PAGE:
Thursday, October 23, 2014

Vignette Films get the Murakami treatment

After Dark by Haruki Murakami
Review by Michael Isenberg

After Dark The 1990s were the age of vignette films: loosely connected collections of intersecting story lines. Notable examples were Pulp Fiction, Pret-a-Porter, and anything directed by Richard Linklater. The Simpsons even tried their hand at it, with the episode “22 Short Films about Springfield.”

Haruki Murakami brings the vignette film to the printed page in his 2004 novel After Dark. Like its Hollywood forbearers, After Dark takes place in a compressed time period—a single night between midnight and 8:00 AM. Murakami and the vignette film are a match-made-in-la-la-land, both are chock full of bizarre characters and situations. In the character department, After Dark has:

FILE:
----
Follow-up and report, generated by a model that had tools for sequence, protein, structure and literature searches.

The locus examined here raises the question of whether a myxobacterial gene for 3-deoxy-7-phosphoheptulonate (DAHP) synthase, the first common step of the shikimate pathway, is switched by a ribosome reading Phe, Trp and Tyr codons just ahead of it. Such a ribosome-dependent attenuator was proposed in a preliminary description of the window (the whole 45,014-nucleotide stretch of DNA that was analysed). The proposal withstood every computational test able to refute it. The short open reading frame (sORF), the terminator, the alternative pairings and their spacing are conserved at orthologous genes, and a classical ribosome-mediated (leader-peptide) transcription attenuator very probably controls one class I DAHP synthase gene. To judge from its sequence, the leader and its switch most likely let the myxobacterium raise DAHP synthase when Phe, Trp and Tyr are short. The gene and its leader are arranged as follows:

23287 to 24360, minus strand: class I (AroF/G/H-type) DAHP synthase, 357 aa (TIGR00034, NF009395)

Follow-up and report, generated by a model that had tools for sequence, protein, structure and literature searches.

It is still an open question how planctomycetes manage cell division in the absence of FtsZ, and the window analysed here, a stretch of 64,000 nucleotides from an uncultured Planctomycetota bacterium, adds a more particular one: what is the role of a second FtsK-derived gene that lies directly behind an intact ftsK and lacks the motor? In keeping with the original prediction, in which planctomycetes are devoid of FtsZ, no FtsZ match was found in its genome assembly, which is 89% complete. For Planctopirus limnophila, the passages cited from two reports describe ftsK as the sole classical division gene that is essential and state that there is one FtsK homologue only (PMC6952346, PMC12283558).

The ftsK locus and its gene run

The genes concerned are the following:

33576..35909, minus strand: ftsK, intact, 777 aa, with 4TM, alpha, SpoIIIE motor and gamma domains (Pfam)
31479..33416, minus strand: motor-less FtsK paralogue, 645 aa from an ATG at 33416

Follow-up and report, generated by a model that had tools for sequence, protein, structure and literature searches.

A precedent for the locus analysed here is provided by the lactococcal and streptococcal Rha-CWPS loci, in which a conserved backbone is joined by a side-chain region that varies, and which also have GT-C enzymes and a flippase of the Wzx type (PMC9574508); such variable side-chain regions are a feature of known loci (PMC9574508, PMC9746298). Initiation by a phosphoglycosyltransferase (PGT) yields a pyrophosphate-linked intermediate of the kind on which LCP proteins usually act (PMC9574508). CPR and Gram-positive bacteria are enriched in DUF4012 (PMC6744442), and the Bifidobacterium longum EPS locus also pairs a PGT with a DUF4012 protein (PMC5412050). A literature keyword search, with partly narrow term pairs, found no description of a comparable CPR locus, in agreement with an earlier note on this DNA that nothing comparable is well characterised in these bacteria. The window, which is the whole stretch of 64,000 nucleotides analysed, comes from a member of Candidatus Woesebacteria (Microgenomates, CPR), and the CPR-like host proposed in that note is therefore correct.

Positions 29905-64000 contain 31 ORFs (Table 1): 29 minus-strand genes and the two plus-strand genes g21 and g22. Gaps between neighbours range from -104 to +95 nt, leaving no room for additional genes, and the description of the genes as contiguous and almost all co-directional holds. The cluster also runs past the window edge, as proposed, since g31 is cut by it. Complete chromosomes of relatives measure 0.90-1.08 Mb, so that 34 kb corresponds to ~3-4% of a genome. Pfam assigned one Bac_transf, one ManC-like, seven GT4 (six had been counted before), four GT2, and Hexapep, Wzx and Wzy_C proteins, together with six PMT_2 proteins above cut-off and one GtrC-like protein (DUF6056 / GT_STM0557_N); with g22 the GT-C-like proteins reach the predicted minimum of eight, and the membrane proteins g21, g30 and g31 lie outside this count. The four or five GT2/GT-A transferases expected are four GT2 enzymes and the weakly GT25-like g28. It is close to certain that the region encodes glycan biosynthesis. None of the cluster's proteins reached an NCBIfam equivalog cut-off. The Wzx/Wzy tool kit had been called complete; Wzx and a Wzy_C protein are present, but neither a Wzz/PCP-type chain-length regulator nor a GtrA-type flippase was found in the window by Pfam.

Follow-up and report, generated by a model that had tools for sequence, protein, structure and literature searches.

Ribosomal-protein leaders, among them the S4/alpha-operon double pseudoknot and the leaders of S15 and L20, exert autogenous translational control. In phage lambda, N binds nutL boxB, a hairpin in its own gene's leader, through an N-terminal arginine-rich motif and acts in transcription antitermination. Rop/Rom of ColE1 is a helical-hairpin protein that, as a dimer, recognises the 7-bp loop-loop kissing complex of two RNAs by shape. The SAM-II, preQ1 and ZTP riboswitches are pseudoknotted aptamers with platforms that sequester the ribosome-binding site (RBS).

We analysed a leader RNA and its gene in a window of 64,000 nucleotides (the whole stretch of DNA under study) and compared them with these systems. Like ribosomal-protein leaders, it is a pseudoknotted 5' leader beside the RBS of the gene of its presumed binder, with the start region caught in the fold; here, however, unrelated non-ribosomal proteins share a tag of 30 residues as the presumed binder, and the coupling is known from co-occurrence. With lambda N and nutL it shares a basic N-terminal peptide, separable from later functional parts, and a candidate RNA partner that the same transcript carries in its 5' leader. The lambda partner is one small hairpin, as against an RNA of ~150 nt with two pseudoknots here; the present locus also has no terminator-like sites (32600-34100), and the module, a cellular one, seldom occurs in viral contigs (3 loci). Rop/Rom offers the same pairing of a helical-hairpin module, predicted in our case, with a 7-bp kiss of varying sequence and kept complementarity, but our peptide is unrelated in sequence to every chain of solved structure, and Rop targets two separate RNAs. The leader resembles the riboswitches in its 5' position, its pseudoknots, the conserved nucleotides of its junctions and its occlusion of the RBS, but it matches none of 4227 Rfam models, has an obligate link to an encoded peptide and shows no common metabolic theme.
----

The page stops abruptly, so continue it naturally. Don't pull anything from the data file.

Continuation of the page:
• College student Mari Asai, who we first encounter as she sits in an all-night Denny’s, smoking cigarettes, reading a book, and slowly drinking coffee. She clearly does not want to go home, for reasons we have yet to learn, but they seem to have something to do with her older and more beautiful sister…
  • Eri Asai. Everyone loves her; she got her first modeling job in middle school. Being a Murakami novel, there has to be at least one storyline with a supernatural aspect, and this is it. The lovely Eri has got herself trapped in an empty office inside the screen of a TV set. This is also the sequence where the resemblance to movies is most explicit—the action is narrated from the point of view of a moving camera.
  • Lady wrestler Kaoru. “Built like a barn.” (As the author of my own novel with a lady wrestler heroine, how could I not love After Dark?). Now retired from the ring, Kaoru runs a “love hotel,” where a guest has just beaten up a prostitute and taken off. After seeing that the girl gets treatment for her injuries, Kaoru puzzles out how to find the client.